The limitations in Gerrard’s leadership style and football awareness can sometimes be cruelly exposed in his current role. With the way we attack and the lack of support around him at times it is understandable that Gerrard would struggle as I feel that even a Makalele or a Pirlo would struggle at times. However due to their differing mindsets and awareness I’d imagine that either of these players would act to address this by trying to slow the game down and/or organise their teammates to try and take the sting out of the game for a while. I believe that Gerrard would also act to address this but that his action would be to try and create or score which when he and the team are on form can at times be extremely effective but when he and/or the team are off form it is only likely to put him and the team under more pressure. I can remember reading a quote from Paul Scholes recently where he criticised Jack Wilshere’s lack of awareness and leadership saying “sometimes as a midfield player when you’re up against it you have to say: ‘Look, just come in, get in here beside me for five minutes or 10 and stop the flow of attack’ and thinking that you would never see Gerrard do that in a game as he just doesn’t think like that as his only thought at any stage of the game is how can we hurt the opposition.
Gerrard is an attacking player at heart and at this stage he always will be. For me what this means is you either play him in an attacking role or you continue playing him as the deepest midfield role for his attacking qualities. However, Gerrard’s defensive limitations mean that the only way that he can be effective in the deeper role is if he has the attacking outlets that allow him to utilise his range of passing and if we play the aggressive front foot pressing system that means that the team is compact so he has people around him harrying the opposition to cut out much of the opposition’s threat before they can hurt him and the defence. Obviously playing in this way only limits the defensive problems caused by our style of play and by having an attacking player as our deepest midfielder but it can certainly be argued that the attacking gains make the defensive weaknesses worth dealing with. However, Gerrard playing this role in the current team and style of play makes little to no sense as he isn’t able to utilize his attacking skills meanwhile the space in our midfield as a result of the lack of pressing and the team now being stretched from front to back means his defensive limitations are now too easily exposed.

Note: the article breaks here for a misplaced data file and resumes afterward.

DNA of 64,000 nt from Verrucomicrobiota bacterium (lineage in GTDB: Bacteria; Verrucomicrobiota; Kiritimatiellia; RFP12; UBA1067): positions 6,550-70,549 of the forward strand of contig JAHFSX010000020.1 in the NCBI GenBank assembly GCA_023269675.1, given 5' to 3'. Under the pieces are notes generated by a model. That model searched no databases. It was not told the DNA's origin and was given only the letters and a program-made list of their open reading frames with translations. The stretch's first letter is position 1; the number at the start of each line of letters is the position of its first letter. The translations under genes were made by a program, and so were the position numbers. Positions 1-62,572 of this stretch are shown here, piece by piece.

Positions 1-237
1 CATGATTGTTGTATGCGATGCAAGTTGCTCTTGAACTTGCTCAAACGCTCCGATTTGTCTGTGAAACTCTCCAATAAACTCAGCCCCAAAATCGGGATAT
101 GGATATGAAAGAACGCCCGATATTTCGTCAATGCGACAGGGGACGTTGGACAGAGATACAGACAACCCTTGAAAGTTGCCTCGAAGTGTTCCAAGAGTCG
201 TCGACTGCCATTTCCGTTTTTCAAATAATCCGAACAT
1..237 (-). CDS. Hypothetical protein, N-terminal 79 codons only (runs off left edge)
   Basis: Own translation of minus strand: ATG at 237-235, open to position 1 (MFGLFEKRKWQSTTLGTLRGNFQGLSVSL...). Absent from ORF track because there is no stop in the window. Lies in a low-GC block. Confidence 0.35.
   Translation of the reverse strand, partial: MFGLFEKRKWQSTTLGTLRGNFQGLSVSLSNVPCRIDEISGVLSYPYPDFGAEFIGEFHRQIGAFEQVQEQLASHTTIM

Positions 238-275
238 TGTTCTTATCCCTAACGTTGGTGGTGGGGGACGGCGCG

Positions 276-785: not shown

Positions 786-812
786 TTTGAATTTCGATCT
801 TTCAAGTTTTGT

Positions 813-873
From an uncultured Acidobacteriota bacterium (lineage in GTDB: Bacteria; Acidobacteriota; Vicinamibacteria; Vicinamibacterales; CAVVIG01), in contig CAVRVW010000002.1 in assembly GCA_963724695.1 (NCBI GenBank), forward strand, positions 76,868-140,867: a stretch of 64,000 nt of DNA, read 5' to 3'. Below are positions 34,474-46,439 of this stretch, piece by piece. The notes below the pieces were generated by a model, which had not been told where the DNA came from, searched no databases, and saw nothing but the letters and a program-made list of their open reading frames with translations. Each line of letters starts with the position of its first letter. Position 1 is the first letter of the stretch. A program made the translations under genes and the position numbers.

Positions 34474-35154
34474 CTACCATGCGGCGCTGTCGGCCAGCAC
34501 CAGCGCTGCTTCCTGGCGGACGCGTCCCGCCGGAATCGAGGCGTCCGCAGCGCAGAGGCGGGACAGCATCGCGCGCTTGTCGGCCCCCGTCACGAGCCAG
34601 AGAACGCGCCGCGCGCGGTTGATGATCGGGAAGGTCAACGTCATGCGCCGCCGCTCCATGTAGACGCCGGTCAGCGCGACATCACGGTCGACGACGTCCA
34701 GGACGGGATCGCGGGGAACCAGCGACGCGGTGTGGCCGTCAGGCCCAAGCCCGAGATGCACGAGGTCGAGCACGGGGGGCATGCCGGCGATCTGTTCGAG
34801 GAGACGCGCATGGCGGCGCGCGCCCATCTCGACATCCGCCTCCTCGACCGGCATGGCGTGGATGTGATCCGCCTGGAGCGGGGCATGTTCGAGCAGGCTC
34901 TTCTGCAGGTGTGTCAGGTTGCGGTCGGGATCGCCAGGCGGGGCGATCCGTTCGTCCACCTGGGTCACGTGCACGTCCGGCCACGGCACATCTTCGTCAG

Ultimately Gerrard is ill-suited to his current role in our current style of play and needs replacing for his own good and the good of the team. This is no reflection on Gerrard’s ability as a player or a Captain it is just that his gifts, mindset and style of leadership do not fit our current situation or the current role he is being asked to play. It reminds me of when Tom Hagen gets replaced as consiglieri in The Godfather because they needed a “wartime consigliere“. This replacement was no reflection on Tom’s ability as consigliere as he was clearly excellent in the role but he didn’t suit their current situation and what they needed from someone in that role at that time and I believe the same applies to Steven Gerrard. If we want a deep-lying playmaker in a front foot team that has penetrative runners and presses the opposition he can still be a very effective option but if we need defensive awareness and defensive leadership in our current less penetrative style of play then he isn’t the man for that job. As a result I believe that Brendan Rodgers should show his own leadership and make the tough decision that Michael Corleone made by standing down a good man and a loyal servant from a role he is currently not suited to. As Michael Corleone might say ‘It’s not personal, Stevie. It’s strictly business.’